And now for another sort-of warbler challenge, the American Redstart below. I have seen this coloration a few times before so I was not confused, only fascinated. The tail immediately gives this bird away as an American Redstart, but it is showing yellow and white with black coming in on the body. What you are seeing is a soon-to-be second-year male American Redstart. When the summer is over he may be entirely black and orange in place of the gray and yellow, and will be considered an adult.

And below is a female American Redstart. She will always be gray, yellow and white. Not the best photograph but you might be able to see just a little of the yellow peeking out on her breast.

That was about it for the warblers that day. I just took a tally for the season and I have seen 24 warbler species this spring. That’s 2/3 of the possible number I might have seen. But given the fact that I was basically birding in only one area I feel pretty fortunate to have seen all these warblers, sometimes even seeing them very well.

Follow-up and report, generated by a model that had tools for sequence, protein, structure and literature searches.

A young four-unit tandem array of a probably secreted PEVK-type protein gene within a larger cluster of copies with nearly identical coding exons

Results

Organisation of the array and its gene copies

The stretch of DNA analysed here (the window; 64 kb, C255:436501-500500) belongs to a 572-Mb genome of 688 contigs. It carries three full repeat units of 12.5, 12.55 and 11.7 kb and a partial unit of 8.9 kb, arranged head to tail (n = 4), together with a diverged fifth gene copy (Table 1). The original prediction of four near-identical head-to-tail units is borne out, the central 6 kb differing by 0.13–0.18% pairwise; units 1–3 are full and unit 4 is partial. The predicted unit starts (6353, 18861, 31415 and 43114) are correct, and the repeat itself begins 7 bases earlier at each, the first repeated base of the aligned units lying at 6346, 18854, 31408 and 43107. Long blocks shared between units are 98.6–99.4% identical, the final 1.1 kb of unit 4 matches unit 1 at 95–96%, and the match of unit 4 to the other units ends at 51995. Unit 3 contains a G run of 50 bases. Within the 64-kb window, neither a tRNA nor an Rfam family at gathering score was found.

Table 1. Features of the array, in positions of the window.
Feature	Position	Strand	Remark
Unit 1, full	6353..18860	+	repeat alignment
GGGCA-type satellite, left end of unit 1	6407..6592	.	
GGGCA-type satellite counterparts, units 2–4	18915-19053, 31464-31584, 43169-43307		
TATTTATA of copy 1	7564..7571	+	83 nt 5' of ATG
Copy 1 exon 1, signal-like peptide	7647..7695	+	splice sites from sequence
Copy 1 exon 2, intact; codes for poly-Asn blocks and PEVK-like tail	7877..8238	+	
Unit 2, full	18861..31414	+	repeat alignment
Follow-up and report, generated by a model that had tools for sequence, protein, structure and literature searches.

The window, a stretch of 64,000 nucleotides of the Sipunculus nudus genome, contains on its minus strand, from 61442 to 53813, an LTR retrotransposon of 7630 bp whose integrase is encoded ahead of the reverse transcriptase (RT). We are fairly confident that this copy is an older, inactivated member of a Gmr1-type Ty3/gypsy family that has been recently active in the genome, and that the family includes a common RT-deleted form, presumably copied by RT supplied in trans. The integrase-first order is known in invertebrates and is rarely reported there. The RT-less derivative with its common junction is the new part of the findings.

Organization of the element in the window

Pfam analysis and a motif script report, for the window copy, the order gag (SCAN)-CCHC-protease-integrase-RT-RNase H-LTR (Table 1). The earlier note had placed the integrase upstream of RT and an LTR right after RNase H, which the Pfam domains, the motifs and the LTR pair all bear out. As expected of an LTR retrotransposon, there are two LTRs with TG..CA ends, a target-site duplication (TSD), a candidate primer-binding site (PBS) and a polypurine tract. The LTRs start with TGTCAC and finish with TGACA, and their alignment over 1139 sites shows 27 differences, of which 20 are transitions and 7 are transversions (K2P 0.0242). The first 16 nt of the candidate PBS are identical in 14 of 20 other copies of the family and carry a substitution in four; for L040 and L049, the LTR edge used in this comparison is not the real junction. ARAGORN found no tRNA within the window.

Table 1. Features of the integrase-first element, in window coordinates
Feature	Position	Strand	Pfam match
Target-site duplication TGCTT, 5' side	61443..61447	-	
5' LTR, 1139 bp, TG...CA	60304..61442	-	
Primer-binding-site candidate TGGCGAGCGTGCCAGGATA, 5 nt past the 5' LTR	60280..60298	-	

On to the rest of the birds I managed to photograph on Memorial Day. Below are some male Brown-headed Cowbirds who don’t seem to have much to do except hang out on bare branches.

I don’t remember how I managed to get the photos below of a flying Red-Bellied Woodpecker but I don’t get this lucky very often! I was probably trying to focus on it perched somewhere and it took off.

Red-winged Blackbirds…are a given. The bird in the second photograph knocked the Northern Flicker in the photos below off its perch, which enabled me to get pictures of some of those elusive but brilliant golden shafts underwing.

There were a couple Eastern Kingbirds for a day or two, and I haven’t seen them since. Maybe they were shopping for nesting spots and decided to go elsewhere.